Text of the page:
After all the attention given to pouring pavement in these research studies, participants in the discussion also wanted to discuss ways in which highway investments other than construction can lead to greater transportation system capacity and efficiency. For example, the great changes in freight transportation that followed the deregulation of trucking demonstrate the importance of highway system management.
The use of technology may also be necessary to increase the capacity and safety of highways. Developing and implementing intelligent vehicle highway systems (smart highways) is a promising possibility for the future. Even investing more in the thickness of the pavement itself may generate additional benefits that outweigh the costs.
Nor should attention be limited solely to highways. Rail, sea, and air transportation continue to play vital roles in the nation's transportation system. These modes and their interconnections could become even more important in the future. Ultimately, more research and creative thinking will be needed to uncover new ways to make the best use of our existing transportation systems and highway capital stock.
After much of the forum focused on recent studies of the relationship between highway investment and economic growth and how to improve future work, a spirited session addressed the importance of communicating these results to policymakers and the public. Miles Friedman of the National Association of State Development Agencies and Terrence Mulcahy from the Wisconsin Department of Transportation drew the group into a wide-ranging discussion of the role that economic analyses play in the decision-making process. Comments highlighted (1) the difference between developing new programs and implementing additional local projects, (2) specific groups to target for communication and outreach, and (3) the roles of state and local transportation agencies.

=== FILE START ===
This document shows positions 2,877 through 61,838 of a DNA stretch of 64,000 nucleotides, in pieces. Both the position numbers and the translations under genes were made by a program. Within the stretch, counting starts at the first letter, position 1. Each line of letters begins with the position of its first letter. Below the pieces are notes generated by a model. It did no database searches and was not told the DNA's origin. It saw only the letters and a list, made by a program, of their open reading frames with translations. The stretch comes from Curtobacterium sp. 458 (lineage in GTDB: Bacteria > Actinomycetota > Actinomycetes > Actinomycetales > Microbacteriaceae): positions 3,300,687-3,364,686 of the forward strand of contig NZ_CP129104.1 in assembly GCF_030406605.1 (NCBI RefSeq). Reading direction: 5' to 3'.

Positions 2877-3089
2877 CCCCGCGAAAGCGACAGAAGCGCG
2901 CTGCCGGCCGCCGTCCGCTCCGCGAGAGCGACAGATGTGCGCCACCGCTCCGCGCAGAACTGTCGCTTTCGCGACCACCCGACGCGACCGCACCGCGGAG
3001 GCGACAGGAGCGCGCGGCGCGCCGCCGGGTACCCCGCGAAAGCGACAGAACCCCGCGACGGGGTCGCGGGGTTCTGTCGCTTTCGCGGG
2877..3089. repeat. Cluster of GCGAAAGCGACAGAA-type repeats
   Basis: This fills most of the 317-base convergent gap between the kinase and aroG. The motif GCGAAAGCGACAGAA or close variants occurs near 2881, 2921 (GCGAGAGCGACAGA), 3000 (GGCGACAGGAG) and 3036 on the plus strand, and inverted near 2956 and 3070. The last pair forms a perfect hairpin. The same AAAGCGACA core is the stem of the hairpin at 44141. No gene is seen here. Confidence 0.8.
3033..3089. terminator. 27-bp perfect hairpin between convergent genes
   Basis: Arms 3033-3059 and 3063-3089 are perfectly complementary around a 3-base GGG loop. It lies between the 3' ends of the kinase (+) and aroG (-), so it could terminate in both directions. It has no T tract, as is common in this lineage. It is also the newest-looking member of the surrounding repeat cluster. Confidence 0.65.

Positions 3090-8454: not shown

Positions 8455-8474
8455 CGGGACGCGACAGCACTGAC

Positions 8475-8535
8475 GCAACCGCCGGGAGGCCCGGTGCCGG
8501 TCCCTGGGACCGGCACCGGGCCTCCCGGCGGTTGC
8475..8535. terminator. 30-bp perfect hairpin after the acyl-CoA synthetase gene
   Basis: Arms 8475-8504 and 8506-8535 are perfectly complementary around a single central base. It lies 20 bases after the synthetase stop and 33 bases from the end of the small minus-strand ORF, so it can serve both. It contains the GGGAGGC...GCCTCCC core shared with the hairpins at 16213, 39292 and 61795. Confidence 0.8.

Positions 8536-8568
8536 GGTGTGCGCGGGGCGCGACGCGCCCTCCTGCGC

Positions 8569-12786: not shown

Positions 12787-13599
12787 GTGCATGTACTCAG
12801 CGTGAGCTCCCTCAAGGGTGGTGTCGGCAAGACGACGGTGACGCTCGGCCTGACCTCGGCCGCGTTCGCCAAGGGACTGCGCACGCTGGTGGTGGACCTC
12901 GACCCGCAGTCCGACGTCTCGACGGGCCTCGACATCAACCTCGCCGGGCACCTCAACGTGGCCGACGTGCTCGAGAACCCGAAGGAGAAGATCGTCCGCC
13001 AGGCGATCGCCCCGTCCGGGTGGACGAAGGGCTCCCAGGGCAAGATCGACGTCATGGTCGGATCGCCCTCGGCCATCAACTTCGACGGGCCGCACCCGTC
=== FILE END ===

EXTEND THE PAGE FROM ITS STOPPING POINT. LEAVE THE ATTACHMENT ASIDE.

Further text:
Friedman discussed the evolution taking place in state economic development agencies and the effect that change has on the role of transportation investment in state development. State development agencies are reaching out to encompass wider geographical areas and are branching out to take on a wider range of development activities (to which the rise in regional development groups, both multistate and multicounty, attests). Development agencies no longer target just heavy industry. They also spur technology development, foster small business growth, promote tourism, and tackle international competitiveness issues. With this expansion in the scope of their responsibility, state development agencies increasingly view themselves as long-term strategic planners, coordinating and facilitating a number of different activities, including investment in the transportation system. Accordingly, transportation decisions should be folded into the planning mix. In this light, transportation investment is best cast as part of other longterm development efforts rather than as the enhancement of a set of facilities.